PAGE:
10. Miller GD, Bruno BJ, Lim CS. Resistant mutations in CML and Ph(+)ALL - role of ponatinib. Biologics: targets & therapy 2014;8:243-54.   
  11. Palani R, Szydlo RM, Apperley JF, et al. Clinical Outcome Following Change of Tyrosine Kinase Inhibitor (TKI) According to the Detection of an ABL Kinase Mutation. Blood 2014;124:4557 (Meeting Abstract).
  12. Levy MY, McGarry LJ, Huang H, Lustgarten S, Nieset C, Haluska FG. Benefit-Risk of Ponatinib Vs. Bosutinib in Chronic Phase Chronic Myeloid Leukemia (CP-CML) Patients Who Failed Two Prior Tyrosine Kinase Inhibitors (TKIs): An Indirect Comparison. Blood 2014;124:3154 (Meeting Abstract).
  13. Gambacorti-Passerini C, Khoury HJ, Kantarjian HM, et al. Bosutinib As Third-Line Therapy in Patients (Pts) with Chronic Phase Chronic Myeloid Leukemia (CP CML) Following Failure with Imatinib Plus Dasatinib and/or Nilotinib: 48-Month Update of a Phase 1/2 Study. Blood 2014;124:4559 (Meeting Abstract).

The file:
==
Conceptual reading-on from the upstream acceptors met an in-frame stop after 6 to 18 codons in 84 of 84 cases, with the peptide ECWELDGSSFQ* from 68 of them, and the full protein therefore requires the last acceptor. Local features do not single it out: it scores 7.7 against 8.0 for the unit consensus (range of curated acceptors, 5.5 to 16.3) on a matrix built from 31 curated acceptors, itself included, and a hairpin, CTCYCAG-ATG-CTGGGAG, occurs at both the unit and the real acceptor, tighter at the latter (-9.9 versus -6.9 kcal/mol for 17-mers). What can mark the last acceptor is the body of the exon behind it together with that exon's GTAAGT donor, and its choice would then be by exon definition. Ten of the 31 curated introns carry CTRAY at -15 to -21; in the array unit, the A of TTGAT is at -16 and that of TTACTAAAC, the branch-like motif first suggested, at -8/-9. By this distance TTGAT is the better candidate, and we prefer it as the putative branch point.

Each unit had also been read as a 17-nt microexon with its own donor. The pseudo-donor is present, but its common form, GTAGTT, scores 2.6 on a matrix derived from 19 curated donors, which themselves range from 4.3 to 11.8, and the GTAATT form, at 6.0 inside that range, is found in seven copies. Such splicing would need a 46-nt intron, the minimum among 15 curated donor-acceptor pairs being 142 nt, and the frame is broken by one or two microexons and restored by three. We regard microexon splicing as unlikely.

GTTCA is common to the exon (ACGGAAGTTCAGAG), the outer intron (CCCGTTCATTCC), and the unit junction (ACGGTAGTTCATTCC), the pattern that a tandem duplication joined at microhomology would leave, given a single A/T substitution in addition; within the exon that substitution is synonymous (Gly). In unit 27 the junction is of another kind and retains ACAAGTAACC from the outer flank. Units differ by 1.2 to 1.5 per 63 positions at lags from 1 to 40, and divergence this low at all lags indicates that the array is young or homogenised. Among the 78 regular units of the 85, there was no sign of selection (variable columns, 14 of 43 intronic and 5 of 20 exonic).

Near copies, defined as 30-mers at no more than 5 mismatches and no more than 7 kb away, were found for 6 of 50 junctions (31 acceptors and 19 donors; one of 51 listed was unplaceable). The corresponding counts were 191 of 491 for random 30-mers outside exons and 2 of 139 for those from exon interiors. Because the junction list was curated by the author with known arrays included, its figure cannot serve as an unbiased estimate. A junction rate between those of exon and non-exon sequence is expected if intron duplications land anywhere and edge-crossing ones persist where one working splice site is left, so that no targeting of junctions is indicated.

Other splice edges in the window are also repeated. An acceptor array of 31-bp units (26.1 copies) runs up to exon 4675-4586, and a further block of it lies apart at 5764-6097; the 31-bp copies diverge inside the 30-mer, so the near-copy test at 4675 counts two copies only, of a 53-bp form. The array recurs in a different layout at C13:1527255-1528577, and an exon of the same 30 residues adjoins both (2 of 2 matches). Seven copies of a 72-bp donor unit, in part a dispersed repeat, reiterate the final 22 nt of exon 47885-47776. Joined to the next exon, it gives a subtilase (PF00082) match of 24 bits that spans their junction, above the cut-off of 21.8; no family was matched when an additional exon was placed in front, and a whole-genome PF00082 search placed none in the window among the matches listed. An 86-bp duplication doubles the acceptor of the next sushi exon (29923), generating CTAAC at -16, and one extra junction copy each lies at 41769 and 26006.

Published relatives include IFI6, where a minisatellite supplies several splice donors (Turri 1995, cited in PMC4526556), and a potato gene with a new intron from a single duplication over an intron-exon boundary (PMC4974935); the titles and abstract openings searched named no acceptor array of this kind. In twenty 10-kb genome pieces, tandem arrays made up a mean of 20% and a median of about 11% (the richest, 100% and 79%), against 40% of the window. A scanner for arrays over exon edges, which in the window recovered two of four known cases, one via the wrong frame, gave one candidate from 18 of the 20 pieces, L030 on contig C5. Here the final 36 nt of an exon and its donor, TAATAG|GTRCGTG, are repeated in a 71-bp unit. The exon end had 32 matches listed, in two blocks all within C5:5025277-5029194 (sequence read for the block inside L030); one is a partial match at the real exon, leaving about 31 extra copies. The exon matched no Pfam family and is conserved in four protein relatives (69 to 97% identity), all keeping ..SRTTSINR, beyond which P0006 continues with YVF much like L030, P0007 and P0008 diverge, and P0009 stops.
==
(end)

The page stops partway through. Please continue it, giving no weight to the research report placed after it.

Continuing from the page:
14. García-Gutiérrez V, Maestro B, Martinez-Trillo A, et al. Bosutinib Apears to be Safe, with Low Cross Intolerance, in Patients Treated in 4th Line. Results of the Spanish Compassionate Use Program. Blood 2014;124:5523.   
  15. Cortes JE, Kim D-W, Pinilla-Ibarz J, et al. Long-Term Follow-up of Ponatinib Efficacy and Safety in the Phase 2 PACE Trial. Blood 2014;124:3135 (Meeting Abstract).
  16. Garg RJ, Kantarjian H, O'Brien S, et al. The use of nilotinib or dasatinib after failure to 2 prior tyrosine kinase inhibitors: long-term follow-up. Blood 2009;114:4361-8. http://dx.doi.org/10.1182/blood-2009-05-221531 PMid:19729517 PMCid:PMC3952810    
  17. Khoury HJ, Cortes JE, Kantarjian HM, et al. Bosutinib is active in chronic phase chronic myeloid leukemia after imatinib and dasatinib and/or nilotinib therapy failure. Blood 2012;119:3403-12. http://dx.doi.org/10.1182/blood-2011-11-390120  PMid:22371878     
  18. Lipton JH, Shah D, Tongbram V, et al. Comparative Efficacy Among 3rd Line Post-Imatinib Chronic Phase-Chronic Myeloid Leukemia (CP-CML) Patients after Failure of Dasatinib or Nilotinib Tyrosine Kinase Inhibitors. Blood 2014;124:4551 (Meeting Abstract).